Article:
By Laura Sanicola
(Reuters) – U.S. oil refiners expect strong first-quarter earnings as margins to sell gasoline and diesel strengthened due to a steep dropoff in refining capacity and crude oil supplies tightened because of Russia’s war with Ukraine.
Refining capacity worldwide has dropped during the coronavirus pandemic, with several less profitable oil refineries closing in the last two years. However, worldwide fuel demand has rebounded to near pre-pandemic levels, boosting profits for facilities that are still operating.
Seven U.S. independent refining companies are projected to post earnings-per-share of 61 cents, compared with a loss of $1.32 in first quarter of 2021, according to IBES data from Refinitiv.
Profit margins for making both gasoline and distillates – diesel, jet fuel and heating oil – were already at their highest in several years coming into 2022, and have since risen, with the heating oil crack spread at nearly $41 per barrel by the end of March, nearly $20 more than average over the past five years.
U.S. independent refiners including Marathon Petroleum Corp, Valero Energy Corp and Phillips 66 also benefited from a surge in natural gas prices in Europe which occurred due to the risk of European sanctions on Russian energy exports.
Valero kicks off refinery earnings on Tuesday; Phillips reports on Friday, with Marathon the following week.
Natural gas is needed to operate various units of oil refineries and the expense caused some European refineries to cut runs, particularly distillate-producing units. This contributed to a sharp fall in distillate inventories worldwide, putting a premium on production of diesel and jet fuel.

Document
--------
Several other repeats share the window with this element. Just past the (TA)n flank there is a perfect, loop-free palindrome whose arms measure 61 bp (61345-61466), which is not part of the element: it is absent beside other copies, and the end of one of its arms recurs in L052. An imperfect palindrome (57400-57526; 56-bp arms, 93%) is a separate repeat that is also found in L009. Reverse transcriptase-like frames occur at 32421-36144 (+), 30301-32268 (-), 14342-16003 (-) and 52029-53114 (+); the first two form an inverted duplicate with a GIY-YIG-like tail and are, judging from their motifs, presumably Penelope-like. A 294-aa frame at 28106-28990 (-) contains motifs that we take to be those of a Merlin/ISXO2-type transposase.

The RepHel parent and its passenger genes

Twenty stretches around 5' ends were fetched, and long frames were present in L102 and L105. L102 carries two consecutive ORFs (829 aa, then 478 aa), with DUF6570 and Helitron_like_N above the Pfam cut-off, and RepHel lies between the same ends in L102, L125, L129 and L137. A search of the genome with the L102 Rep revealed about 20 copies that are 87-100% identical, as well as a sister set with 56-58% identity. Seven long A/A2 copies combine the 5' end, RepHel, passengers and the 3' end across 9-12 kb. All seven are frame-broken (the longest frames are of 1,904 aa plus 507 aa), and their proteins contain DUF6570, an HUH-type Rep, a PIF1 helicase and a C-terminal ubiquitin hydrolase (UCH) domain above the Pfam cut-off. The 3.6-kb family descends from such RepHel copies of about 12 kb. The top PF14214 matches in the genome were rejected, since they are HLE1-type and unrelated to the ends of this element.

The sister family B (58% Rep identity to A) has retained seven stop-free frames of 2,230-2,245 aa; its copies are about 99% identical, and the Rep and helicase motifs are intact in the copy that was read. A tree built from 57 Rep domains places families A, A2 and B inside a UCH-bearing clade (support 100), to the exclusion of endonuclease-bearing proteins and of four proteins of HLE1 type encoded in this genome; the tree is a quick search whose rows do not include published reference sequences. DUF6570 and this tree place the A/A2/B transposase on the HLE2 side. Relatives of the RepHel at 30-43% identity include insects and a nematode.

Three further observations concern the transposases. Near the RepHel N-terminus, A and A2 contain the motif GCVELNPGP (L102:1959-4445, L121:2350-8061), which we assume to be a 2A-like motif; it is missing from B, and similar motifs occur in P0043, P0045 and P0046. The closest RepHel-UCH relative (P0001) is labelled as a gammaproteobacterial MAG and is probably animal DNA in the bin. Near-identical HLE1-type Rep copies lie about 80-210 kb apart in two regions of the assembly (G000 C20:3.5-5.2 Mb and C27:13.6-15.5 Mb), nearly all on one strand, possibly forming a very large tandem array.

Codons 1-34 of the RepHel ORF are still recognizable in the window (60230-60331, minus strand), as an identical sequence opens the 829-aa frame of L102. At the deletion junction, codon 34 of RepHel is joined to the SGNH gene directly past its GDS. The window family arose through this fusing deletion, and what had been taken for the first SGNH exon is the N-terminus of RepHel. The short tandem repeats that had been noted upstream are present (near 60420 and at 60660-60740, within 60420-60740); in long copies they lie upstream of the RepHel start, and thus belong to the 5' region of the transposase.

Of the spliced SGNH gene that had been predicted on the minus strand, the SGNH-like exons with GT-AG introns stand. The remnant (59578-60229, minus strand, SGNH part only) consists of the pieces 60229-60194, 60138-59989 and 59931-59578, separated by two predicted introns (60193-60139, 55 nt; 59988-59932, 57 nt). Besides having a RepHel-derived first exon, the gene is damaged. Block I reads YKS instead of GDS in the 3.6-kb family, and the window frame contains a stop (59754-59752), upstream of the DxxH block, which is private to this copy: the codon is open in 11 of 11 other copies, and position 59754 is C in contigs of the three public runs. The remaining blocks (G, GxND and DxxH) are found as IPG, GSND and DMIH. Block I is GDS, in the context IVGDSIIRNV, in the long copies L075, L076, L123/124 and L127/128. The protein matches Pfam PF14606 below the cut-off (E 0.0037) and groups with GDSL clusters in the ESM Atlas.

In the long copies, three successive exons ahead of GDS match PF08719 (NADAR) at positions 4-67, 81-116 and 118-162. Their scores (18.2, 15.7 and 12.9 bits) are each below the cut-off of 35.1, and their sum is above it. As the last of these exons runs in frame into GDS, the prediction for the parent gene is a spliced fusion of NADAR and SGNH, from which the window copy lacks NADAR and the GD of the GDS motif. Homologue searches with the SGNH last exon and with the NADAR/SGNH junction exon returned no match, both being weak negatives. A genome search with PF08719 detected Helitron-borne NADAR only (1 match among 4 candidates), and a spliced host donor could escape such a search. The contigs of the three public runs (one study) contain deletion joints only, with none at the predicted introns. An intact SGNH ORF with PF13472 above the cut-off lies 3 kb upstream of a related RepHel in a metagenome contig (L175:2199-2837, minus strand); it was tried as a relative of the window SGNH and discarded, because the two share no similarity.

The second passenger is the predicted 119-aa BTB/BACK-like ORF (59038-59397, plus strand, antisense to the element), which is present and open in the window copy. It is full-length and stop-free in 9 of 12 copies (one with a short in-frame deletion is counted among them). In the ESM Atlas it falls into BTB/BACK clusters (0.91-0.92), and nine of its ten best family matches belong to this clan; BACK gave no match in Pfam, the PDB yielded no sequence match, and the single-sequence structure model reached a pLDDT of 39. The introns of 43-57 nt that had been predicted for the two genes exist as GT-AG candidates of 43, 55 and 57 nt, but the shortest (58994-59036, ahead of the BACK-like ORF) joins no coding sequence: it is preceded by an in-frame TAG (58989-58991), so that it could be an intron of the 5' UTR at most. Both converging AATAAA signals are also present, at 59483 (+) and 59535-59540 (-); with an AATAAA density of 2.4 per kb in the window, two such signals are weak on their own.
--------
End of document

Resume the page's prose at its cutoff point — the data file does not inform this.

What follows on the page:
“Geopolitical dynamics should support U.S. refiners on wide natural gas spreads, though some impacts may be less visible with first quarter earnings than in future quarters,” said Jason Gabelman, refining analyst at Cowen.
However, backlogged refinery maintenance and soaring crude oil prices may cap the otherwise strong earnings for some plants. Analysts lowered estimates for both Phillips 66 and PBF Energy Inc due in part to spring maintenance.
Refinery feedstock costs soared in the first quarter as global benchmark Brent crude averaged near $98 a barrel for the first three months of the year, according to OPEC data. That was up about $18 from the last three months of 2021.
Feedstock costs heading into the summer looking increasing uncertain, according to the Energy Information Administration.
“Actual price outcomes will depend on the degree to which existing sanctions imposed on Russia, any potential future sanctions, and independent corporate actions affect Russia’s oil production or the sale of Russia’s oil in the global market,” the EIA wrote in its short-term energy outlook.
(Reporting by Laura Sanicola; Editing by Marguerita Choy)